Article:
Harvard upsets New Mexico to win first NCAA Tourney game in school’s history

Head coach Tommy Amaker and the Crimson bench celebrate at the conclusion of Thursday's upset win over New Mexico. (Photo: Getty images)
Head coach Tommy Amaker and the Crimson bench celebrate at the conclusion of Thursday’s upset win over New Mexico. Credit: Getty Images

For now, the talk of Harvard’s majors will cease. The talk of Harvard’s major upset … well, that’s another story.

Actually, that’s this story.

The No. 14 seed Crimson knocked off the No. 3 seed New Mexico Lobos, 68-62, Thursday night, a win that had even Harvard professors scratching their heads.

Without its two best players, Brandyn Curry and Kyle Casey, who withdrew from Harvard prior to the season due to a widespread cheating scandal that they were part of, the Crimson took the Ivy League anyways, and now find themselves in the third round of the NCAA Tournament, set to play Arizona on Saturday.

“I’m exceptionally proud of our guys,” Harvard head coach Tommy Amaker told CBS after the win. “They had to believe. And we talked about preparation, we talked about passion, and we talked about belief. We battled a really good basketball team in a tough environment. I’m very proud of our guys.”

The Lobos took a 53-52 with 6:30 left in the game, but true to form, Harvard had an answer.

Laurent Rivard (17 points, 5 rebounds) drained a three-pointer – one of his five on the night – to start a 7-0 run and give Harvard a lead it wouldn’t relinquish for the rest of the game.

“Well I’ve always been exceptionally impressed with [Rivard],” Amaker said. “I consider him the best shooter in New England. We used to tease him that he’s the best shooter in Boston behind Ray Allen, when he was with the Celtics. But he can shoot the ball with the best of them.”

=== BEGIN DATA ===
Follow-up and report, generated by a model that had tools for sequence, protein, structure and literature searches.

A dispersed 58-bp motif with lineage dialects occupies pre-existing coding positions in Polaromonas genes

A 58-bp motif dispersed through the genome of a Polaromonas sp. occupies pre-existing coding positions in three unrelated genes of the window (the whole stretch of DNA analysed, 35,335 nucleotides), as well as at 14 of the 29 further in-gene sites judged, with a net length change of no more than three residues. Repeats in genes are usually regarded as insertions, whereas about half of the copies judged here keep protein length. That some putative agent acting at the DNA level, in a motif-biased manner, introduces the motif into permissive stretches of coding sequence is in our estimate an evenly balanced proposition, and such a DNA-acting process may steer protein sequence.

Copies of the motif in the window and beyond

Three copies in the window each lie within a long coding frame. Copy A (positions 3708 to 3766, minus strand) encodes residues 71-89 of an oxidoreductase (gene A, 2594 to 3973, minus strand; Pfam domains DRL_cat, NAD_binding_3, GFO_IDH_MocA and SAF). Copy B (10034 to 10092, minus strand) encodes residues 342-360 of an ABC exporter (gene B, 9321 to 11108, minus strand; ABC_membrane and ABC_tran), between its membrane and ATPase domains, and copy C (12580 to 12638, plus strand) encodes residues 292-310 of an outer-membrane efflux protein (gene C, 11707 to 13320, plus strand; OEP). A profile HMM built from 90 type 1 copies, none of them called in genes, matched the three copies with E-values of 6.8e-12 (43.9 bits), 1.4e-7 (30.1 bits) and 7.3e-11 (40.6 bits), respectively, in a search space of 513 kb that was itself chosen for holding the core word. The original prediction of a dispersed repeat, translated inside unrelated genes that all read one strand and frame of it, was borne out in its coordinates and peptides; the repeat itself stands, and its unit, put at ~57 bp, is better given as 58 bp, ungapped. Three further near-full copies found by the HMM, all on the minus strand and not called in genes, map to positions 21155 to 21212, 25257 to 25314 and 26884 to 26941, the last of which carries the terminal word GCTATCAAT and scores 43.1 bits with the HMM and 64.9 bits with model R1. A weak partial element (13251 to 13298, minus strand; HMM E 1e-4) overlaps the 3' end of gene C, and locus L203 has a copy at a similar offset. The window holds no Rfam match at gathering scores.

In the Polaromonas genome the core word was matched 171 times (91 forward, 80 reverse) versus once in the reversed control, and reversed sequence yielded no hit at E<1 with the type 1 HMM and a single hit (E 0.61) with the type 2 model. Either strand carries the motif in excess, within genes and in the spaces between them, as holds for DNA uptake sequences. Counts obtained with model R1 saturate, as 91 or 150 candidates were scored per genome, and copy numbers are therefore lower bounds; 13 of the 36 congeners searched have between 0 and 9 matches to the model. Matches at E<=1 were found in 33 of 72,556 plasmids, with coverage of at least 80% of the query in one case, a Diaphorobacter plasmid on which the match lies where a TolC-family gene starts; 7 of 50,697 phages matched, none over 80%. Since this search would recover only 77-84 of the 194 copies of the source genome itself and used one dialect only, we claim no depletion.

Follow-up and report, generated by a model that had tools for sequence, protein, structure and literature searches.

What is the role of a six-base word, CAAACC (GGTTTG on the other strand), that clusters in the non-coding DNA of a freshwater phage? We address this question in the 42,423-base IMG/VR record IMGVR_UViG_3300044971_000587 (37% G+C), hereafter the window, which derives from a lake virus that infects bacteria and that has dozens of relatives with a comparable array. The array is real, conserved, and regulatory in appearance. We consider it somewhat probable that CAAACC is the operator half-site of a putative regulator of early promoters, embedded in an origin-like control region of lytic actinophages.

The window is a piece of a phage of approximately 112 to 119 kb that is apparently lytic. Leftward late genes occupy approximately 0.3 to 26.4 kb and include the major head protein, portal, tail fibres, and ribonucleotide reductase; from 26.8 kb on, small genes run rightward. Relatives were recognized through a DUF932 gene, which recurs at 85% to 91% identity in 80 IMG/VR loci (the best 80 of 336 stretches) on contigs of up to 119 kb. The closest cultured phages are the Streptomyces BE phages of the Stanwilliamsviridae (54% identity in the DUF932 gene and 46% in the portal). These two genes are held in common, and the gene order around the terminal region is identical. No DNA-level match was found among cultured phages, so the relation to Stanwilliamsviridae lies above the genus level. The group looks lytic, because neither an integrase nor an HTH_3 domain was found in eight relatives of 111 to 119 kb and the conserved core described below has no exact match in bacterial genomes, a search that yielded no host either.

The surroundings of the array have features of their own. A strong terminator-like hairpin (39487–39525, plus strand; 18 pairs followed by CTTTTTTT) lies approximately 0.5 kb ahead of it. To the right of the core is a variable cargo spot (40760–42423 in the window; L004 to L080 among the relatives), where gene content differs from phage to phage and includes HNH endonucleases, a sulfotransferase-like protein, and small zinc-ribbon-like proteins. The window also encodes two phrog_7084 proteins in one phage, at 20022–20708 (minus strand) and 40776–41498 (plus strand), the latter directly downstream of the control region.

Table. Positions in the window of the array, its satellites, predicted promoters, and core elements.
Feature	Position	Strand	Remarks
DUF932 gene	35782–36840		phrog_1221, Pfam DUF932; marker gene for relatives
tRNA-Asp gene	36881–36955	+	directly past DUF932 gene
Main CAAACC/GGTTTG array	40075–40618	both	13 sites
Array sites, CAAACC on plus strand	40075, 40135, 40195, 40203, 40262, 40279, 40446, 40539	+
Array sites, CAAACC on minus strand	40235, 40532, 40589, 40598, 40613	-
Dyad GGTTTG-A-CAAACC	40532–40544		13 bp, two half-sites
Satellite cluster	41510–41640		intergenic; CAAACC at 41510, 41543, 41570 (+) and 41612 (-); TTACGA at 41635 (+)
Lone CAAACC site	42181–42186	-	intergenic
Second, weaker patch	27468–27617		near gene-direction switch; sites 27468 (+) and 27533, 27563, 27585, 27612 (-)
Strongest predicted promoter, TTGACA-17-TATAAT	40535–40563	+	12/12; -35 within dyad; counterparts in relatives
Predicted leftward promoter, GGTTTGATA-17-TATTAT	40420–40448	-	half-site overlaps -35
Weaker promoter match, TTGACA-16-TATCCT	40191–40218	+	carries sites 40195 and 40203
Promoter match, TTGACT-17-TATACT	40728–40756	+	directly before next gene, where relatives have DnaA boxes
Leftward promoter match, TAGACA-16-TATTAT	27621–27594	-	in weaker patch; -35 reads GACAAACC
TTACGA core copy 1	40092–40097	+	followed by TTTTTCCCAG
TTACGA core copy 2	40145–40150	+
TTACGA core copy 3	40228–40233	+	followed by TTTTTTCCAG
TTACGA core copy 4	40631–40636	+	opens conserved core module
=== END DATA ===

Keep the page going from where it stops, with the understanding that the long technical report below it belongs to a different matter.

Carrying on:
But Rivard wasn’t the only effective player for Harvard. Four of their starters finished in double figures, including First-Team All-Ivy Wesley Saunders, who led the team with 18 points. Kenyatta Smith added 10 points and 7 rebounds in effective but limited minutes due to foul trouble, and First-Team All-Ivy and Ivy League Rookie of the Year guard Siyani Chambers dished out 7 assists to go along with five points.

As a team, Harvard shot 52.4-percent from the field including 44.4-percent from three-point range. They also went 16-20 from the free throw line – all of which came in the second half.

The only thing New Mexico could somewhat exploit was Harvard’s lack of size, as the Lobos grabbed 13 offensive rebounds, which ultimately led to a 56-42 field goal attempts advantage for New Mexico – that they didn’t do enough with.

It was clear early on that Harvard hit the books on the Lobos prior to tipoff, as they jumped out to a 9-2 run to start the game. The Lobos would put a dent in their deficit – usually by working it down low with 7-footer Alex Kirk (22 points, 12 rebounds) – only to see Harvard respond with a run of its own.

It wasn’t until a 6-0 New Mexico run to start the second half that Harvard trailed in this game, but it was short-lived. That Lobos run was the kick in the shorts the Crimson needed, as they responded with the next eight points to lead 39-31.

Harvard would hit one more jump shot with 14:16 remaining in the game before going cold from the field until a Saunders layup – plus the foul – with 6:42 remaining gave them a 52-51 lead.

Kirk hit a layup to put NMU back up on top, but that would be it, as Harvard took over from there.

“It means the world to our team,” Rivard said of the win. “Last year we made it for the first time since 1946 in the NCAA Tournament. We lost to Vanderbilt in a  tough game, but this year we wanted to come back here, get a win first time in school history. Can’t get bigger than that.”

Take a deep breath, Harvard. The first one is finally out of the way. It’s now on to the next test — but for once, that’s not such a bad thing.


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